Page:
The red herrings this week were pretty darn obvious. It would’ve saved everyone a lot of time if they’d just lined them up in a row with a flashing red sign hanging over the son’s head. Certainly everyone out there in TV land had this kid pegged from the first second he appeared on camera. After all, he did everything but confess the first time he opened his mouth to speak. For me, knowing the identity of the killer so early on in the episode takes away the fun of helping Beckett and crew solve the case.
- One scene of particular interest was when Beckett was conducting her “walk and talk” interview of Omar, with the Homeland Security guy so obviously following behind (another flashing red arrow over this guy’s head). Anyway, it was basically a good scene, showing how a cop should be aware of their surroundings at all times, and normally, they truly are in a hyper-aware state during those kinds of situations. So good job there.
- The idea of hacking into military computers and drone software doesn’t sound possible, you say. Well, I suggest you Google the group “Anonymous.” I think you’ll soon change your opinion.
- I share Castle’s sentiment of savoring the aroma that greets you the moment you set foot in a bookstore, especially one that features antique books. But any bookstore will do for me. Somehow, smelling a gently used Kindle or Nook is just not the same.
- There was no problem with Beckett and Castle passing through the gate to pay a visit to Warburg. However, I’m still wondering why they didn’t drive to the house. Doing so would have saved them a lot of grief, and costly ammunition. Not to mention Warburg’s drone would have survived.
By the way, the pistol Castle used to help Beckett take out the machine-gunning drone was Beckett’s backup weapon. Castle yanked it from Beckett’s ankle holster when the drone made its return pass. I’m guessing that Beckett recently decided to start carrying the backup gun since she loses her service weapon to bad guys so often. It will also come in handy during future kidnappings (I believe we’re about due for Beckett to be kidnapped again. Hasn’t happened in three or four weeks now).
- Back to the son, the quite obvious villain of this story. Did you notice that Beckett dove in with questions and listened to the boy’s confession without letting the kid know he had the right to remain silent? Normally, she’s spouting off Miranda the second the bullet hits the bone.
- I was pleased to see a mention of Beckett using silence during her interview with one of the red herring suspects. That was a favorite tactic of mine. Filling a room with silence can sometimes be deafening to a criminal suspect.
- Another point in this episode that caught my attention was when Homeland Security dude, Stack, was making his case that Beckett should consider joining the feds. He said he liked that she was a an asymmetrical thinker, and that, my friends, is a fantastic quality for a successful investigator to possess. Why? Because asymmetrical thinkers not only look for a bad guy’s faults, they also closely examine their strengths, which often points a detective in their direction.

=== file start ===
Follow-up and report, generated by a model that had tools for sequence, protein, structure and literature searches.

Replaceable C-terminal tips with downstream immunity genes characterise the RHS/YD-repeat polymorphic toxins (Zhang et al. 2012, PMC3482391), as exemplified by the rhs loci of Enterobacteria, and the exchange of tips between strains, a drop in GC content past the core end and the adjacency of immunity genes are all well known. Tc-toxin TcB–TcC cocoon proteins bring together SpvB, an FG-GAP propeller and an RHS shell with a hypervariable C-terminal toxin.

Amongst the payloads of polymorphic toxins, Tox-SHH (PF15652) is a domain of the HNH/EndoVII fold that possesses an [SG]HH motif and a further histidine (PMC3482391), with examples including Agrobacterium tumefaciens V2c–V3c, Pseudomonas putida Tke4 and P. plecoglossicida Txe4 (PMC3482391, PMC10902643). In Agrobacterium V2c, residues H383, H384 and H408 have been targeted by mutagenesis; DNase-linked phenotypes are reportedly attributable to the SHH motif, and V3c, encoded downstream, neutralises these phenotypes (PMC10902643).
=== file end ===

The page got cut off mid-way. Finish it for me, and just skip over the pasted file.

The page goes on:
Asymmetrical thinking also pertains to creative writers. After all, symmetrical thinkers have all their ducks in a row. Their thoughts are focused in one direction (symmetrical), toward one goal. They are normally the well-balanced technical/IT folks. With fiction writers, though, creativity must be allowed to flow from all directions, coming together at an end that is often not thought of until, well, the end. Most often, it is the asymmetrical thinkers, those who allow their minds to venture off the structured path—the daydreamers—who create beautiful works of fiction, spectacular pieces of artwork, and intricate, flowing melodies and verse.
Anyway, thinking “out of the box” is an important trait for police investigators. After all, many, if not most criminals, are definitely asymmetrical thinkers. They’re schemers and planners, always thinking of ways to beat the system. So cops often need to “get inside the heads” of their adversaries, and what better key to the crime-solving puzzle than to know the bad guy’s next move. There’s nothing more satisfying than to be there waiting with handcuffs in hand when the crook strikes.
Okay, so much for my ramblings. The show this week, as I said, was just okay. I, too, believe it was a set up for the season finale, which by the way, is a storyline that’s been done to death. I hope the Castle writers have found a different spin for it, but after seeing this one, with the usual boilerplate, fill-in-the-blanks script, I doubt it.
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One more thing…is anyone watching Bates Motel? How about Grimm? If so, I’d love to hear your thoughts about them.